In the random walk model, the polynomial f3 (L ) has one solution, L = 1, and for theAR( I) model the polynomial f3 (L) has one solution, L = 1/ f3t. In other words, the polynomial of the nonstationary process has a unit root and the polynomial of the stationary process has a root larger than one. This property had been established earlier, but has been repeated here because a test for non stationarity will be formalised in terms of the roots ofthe polynomial f3 (L ). The null hypothesis will be tested that f3 (L) has a unit root against the alternative that f3 (L ) has a root larger than one, which means that we will test the null hypothesis that Yt is nonstationary against the alternative that Yt is stationary. The, null and alternative hypotheses with respect to equation ( 12.29) are:
Ho : f31 = 1
Ht :
( 12.30)
1f311< 1.
< f3t < 1.
For economic reasons, it will generally be more relevant to test the alternative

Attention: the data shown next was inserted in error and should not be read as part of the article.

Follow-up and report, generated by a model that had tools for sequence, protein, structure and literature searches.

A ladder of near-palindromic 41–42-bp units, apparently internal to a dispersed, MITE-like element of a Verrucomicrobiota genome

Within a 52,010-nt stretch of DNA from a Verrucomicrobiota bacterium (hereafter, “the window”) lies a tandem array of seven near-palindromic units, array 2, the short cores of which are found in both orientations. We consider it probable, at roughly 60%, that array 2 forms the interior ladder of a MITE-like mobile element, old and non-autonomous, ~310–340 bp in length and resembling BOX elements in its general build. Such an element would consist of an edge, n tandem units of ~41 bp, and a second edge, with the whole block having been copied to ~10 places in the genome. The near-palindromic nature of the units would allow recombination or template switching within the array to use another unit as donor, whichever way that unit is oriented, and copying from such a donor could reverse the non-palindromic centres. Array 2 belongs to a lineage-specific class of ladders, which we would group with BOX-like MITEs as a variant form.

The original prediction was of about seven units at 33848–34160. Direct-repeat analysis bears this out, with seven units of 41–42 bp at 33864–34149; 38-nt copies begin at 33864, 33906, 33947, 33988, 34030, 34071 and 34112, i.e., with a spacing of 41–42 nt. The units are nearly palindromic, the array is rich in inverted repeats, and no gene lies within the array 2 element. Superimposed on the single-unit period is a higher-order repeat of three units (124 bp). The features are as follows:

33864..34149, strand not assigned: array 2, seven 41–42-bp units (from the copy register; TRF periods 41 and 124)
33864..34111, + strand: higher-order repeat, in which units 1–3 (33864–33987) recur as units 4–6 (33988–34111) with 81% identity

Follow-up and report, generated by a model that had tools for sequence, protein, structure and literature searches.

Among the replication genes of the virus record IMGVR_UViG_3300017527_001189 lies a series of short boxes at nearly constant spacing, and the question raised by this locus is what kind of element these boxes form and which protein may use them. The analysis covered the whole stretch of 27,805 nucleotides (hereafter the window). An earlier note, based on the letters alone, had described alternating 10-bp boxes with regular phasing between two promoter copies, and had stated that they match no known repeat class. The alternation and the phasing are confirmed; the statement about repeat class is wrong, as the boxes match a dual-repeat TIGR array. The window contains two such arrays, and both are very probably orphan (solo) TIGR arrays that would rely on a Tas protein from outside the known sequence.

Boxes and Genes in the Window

H, : 0
Notation
A new notation and terminology will be introduced that is convenient in the context of unit roots. Tfthe process {Y,} is nonstationary and the process {\7Yi} is stationary then the lag polynomial f3 (L ) of Y, has a unit root and the variable is known to be integrated of first order. This is written with the following notation:
y, ~I ( I ).
This concept is in accordance with the analogy around 'summing'l'integrating' and 'differencing'l'differentiating' that was introduced in Section 12.2. An I (1)variable is stationary after transforming the variable into first differences:
(1  L)Yi = u" or \7Y, = u, \7Yi ~ 1 (0) .
If the polynomial f3 (L) has two unit rooLS (see later on in this section) then the variable is integrated of second order, in notation:
An I (2) variable will be stationary after transforming the variable in second differences:
(1  L)2Yi
\7Yi  \7Yi l = (1  L)\7Y,
=
= \7 2 Yi \72y,
~ 1 (0) .
•
282